school of materialism, the Charvakas, or Lokayatikas, was
founded about three thousand years ago, and has always
had a following, although despised by the orthodox Hindu.
The Charvakas not only held to the material nature of the
universe and all things contained therein, but also held that
the individual perished at the death of the body, there being
no such thing as a soul. They held to the ideal: Eat, drink and

be merry, for to-morrow we die. They denounced the priests


as impostors, and all religions as fallacies designed to delude
and rob the people, and reviled the Vedas, or Sacred Books, as
drivel and falsehood cleverly formulated to delude and control
the people. These doctrines will have a familiar sound to the
Western reader of to-day and yet they were current in India
from five hundred to one thousand years before the Christian
era, and have had followers ever since.
In philosophy, and in religion, India has given birth to the
highest possible and lowest possible conceptions. There have
been no heights to which the Hindu mind has feared to climb,
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and there have been no depths into which it has not descended.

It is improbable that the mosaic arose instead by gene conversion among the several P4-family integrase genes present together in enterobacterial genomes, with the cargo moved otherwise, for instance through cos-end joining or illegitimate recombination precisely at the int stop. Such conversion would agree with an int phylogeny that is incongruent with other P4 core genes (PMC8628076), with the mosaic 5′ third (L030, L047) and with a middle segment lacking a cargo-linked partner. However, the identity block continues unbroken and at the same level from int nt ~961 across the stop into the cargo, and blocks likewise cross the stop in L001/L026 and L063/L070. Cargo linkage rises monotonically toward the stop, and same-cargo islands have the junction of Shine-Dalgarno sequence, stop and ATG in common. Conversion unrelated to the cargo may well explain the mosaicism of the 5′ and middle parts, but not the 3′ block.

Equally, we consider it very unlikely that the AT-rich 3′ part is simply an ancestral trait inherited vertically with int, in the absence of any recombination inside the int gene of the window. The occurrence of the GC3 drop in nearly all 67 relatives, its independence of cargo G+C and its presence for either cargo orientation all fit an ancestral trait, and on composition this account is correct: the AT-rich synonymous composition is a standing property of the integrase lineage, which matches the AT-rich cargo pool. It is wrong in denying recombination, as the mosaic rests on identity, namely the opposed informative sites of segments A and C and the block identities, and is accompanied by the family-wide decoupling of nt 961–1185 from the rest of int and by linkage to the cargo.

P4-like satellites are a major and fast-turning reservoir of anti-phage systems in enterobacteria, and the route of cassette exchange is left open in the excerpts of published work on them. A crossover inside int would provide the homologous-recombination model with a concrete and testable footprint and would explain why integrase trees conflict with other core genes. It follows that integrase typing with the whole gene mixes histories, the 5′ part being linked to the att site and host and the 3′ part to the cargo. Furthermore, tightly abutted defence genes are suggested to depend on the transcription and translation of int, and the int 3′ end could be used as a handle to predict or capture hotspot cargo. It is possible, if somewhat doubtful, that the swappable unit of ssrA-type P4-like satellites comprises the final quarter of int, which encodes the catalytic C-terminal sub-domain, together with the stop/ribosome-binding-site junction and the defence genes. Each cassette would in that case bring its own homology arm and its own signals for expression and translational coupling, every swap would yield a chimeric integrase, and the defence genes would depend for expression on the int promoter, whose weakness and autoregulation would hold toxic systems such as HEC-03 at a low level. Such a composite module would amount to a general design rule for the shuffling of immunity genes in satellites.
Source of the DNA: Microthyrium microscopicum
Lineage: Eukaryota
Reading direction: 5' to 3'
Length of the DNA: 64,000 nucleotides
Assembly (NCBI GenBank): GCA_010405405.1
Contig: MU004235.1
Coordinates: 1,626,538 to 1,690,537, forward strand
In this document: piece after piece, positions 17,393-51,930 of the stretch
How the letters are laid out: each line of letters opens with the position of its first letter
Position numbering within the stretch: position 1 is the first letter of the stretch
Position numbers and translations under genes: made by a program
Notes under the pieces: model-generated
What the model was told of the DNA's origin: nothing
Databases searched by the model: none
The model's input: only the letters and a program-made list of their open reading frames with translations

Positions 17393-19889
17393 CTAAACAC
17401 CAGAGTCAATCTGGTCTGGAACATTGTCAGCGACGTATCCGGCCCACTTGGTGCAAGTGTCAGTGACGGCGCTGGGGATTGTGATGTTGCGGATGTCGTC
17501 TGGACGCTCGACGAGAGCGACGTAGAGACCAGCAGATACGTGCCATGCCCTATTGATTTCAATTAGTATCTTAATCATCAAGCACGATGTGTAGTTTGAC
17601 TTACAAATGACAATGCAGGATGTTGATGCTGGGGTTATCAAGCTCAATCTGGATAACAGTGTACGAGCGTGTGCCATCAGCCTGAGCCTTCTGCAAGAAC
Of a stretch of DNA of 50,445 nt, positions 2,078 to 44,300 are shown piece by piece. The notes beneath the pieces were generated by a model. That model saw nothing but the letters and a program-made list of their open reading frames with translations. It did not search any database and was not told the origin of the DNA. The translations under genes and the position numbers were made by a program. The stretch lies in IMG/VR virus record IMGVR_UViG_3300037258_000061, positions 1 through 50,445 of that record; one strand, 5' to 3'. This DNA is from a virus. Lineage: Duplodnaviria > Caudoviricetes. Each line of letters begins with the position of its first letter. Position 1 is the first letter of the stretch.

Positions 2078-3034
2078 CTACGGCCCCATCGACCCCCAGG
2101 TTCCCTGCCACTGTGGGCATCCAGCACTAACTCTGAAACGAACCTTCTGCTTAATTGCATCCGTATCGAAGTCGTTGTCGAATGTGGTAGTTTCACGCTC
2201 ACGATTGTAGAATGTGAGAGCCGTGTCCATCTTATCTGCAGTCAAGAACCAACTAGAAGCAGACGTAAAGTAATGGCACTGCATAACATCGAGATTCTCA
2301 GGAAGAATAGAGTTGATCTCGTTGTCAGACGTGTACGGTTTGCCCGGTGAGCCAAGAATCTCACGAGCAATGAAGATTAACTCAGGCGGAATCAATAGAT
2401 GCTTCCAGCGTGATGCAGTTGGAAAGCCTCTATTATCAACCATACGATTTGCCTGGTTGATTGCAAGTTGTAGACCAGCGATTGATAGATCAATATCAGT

The most refined ideals and the most gross conceptions have
been entertained by the Hindus. The mental and spiritual soil
which has given nourishment to the noblest philosophical
plants and trees, from which have come the fairest flowers and
the richest fruits, has also given life to the most noxious weeds
and the most poisonous varieties of mental and spiritual fungi.
In the garden of Oriental thought, one searching for the rarest
and most beautiful flowers and richest fruit will find it but
he must beware of the mental toad-stools, spiritual deadly
night-shade, and psychic loco-weed which beset the paths.
In Hindu thought the extremes meet it is the land of the
spiritual paradox.
While it is true that the various orthodox Hindu schools of
philosophical thought apparently differ materially from each
other, it will be found that these differences are but upon
points of interpretation and theories of the manner in which
the One reality manifests as the Many of the phenomenal
world. In other words, the differences are regarding the how
of the manifestation, rather than the fundamental principles
themselves. Under the various schools of the Hindu thought
will be found a common fundamental principle of the One Life
and One Self of the universe. All true Hindu thought believes
that the ultimate Reality is One, and that the phenomenal
universe is composed of manifold and varied manifestations,
emanations, or reflections of that One. It is the same
fundamental thought that caused the Grecian conception of
the World-Spirit. Whether this One be called the Absolute,
Brahman, Krishna, or simply That, by the various Hindu
schools, it is always regarded as One.
The Hindu philosophy is essentially monistic. It holds that All
is One, and One is All that the One is all that is, ever has been,
ever will be, or ever can be. Beyond the One there is held to
be but Nothing illusion, maya, mortal mind. It is more than
monistic it is ultra-monistic.